Sunday, January 11, 2015

NK endgame: a quick thought

Let's say that war breaks out on the Korean peninsula. The armed forces of the two Koreas face off against each other, and America steps in on the side of the South. The big fear is: will China intervene militarily, beefing up the North and repeating 1950s history?

I'm going to risk a "no" to this question. Why? The main reason is money: as much as China is loath to have a US-style democracy right up against its border with Korea, I imagine China would be even more loath to let go of its death-grip on the scrotum of the American economy: America owes China untold billions in foreign-trade deficit, and you can be sure that, if the US and China were to declare war on each other, the first thing America would do is unilaterally proclaim its debt to China null and void, instantly strengthening the American economy (not that this would resolve problems inherent to the American economy, of course: until we learn to stop spending beyond our means, such trade-deficit problems will merely resume... not to mention that we already owe plenty of money to other countries, like Japan).

America's debt is, bizarrely, America's trump card in the event of war with China. It's a fiscal blow that would do incalculable damage to Chinese balance sheets and would have major repercussions for the Chinese way of life. From China's perspective, would such damage be worth the price of defending North Korea, an "ally" barely deserving of the name? North Korea has often failed to show China any appreciation for the support that China routinely gives it.

And would a unified Korea, now under a South Korean-style democracy and bordering China without the buffer of North Korea, really be such a horrible thing? China is already South Korea's largest trading partner, and it doesn't take a genius to see that trade with South Korea is much more beneficial to China than is trade with the often-prickly North.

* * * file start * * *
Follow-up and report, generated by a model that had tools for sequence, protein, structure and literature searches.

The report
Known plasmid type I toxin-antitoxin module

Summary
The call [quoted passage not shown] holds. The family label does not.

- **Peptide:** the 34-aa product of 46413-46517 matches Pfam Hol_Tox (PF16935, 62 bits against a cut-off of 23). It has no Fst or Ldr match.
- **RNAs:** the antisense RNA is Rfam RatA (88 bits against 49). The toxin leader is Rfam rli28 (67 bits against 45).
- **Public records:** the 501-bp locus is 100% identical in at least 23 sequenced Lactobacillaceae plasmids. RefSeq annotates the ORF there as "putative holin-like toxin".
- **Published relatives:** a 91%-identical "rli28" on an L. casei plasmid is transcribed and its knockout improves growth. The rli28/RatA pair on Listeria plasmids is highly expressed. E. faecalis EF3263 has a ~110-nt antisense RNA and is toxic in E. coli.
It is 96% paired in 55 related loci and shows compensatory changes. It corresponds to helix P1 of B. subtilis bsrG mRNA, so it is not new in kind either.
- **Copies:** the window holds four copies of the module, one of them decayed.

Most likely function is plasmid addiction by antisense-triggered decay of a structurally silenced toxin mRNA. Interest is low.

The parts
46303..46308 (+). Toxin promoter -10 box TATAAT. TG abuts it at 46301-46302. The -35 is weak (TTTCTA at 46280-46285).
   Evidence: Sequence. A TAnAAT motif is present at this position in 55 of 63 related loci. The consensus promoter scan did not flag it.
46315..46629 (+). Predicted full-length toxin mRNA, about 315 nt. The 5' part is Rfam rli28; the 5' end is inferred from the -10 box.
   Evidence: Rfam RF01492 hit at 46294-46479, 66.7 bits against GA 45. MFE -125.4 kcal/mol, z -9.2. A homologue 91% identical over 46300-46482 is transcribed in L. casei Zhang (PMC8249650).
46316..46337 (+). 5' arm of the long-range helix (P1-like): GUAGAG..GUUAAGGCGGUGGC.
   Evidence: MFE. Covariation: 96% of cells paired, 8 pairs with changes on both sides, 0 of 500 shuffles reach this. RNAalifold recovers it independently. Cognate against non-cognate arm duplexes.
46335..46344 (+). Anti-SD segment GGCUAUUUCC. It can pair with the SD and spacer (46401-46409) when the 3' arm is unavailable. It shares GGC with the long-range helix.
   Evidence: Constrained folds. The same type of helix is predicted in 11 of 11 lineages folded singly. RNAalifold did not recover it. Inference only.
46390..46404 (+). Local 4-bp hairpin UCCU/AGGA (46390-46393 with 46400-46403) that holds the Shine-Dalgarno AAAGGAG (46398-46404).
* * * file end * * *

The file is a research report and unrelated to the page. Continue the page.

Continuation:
So I don't see China swooping in to defend North Korea in the event of a war. At most, the Chinese will mass troops along their side of the border to prevent spillover. If significant numbers of Chinese troops die in that effort, then maybe the Chinese might get involved. But short of mass casualties, I don't see a peninsular-war scenario in which China plays a huge military role. Trade with South Korea, trade with America, and America's debt are treasures too precious to relinquish.



pitchfest said...

The ideological differences between the US and China are becoming less distinct and China's historical leverage with regards to its potential alignment with the USSR in matters of international dispute has also dissipated.
But that doesn't rule out the possibility that China would deploy troops to North Korea (using a pretext of humanitarian crisis) to ensure that its own geopolitical concerns were addressed. The Chinese citizenry may be becoming more educated and affluent, but the mindset of its communist regime can be deduced from its attitudes toward the South China Sea and Tibet, and its ambivalence toward the events in Ukraine and dictatorial regimes across the world.

So while the Chinese may have to pay a heavy price for intervention in the event of an NK collapse, I think it's a gamble they would take. Excellent diplomacy on the part of all countries concerned will be critical.

Kevin Kim said...

Could be... could be... much depends on how much the Chinese value money over dominion. China certainly has imperialistic designs on other countries. I often use China as an example of real imperialism versus whatever it is that America is so often, and tiringly, accused of. The Chinese swallowed Tibet without a qualm; they stare hungrily at Taiwan; they've put forward the Goguryo argument as a possible prelude to claiming North Korea as their own. There's certainly a case to be made that China is expansionist. But it's also got to know that its economy is rather precarious, and a war could easily destabilize it.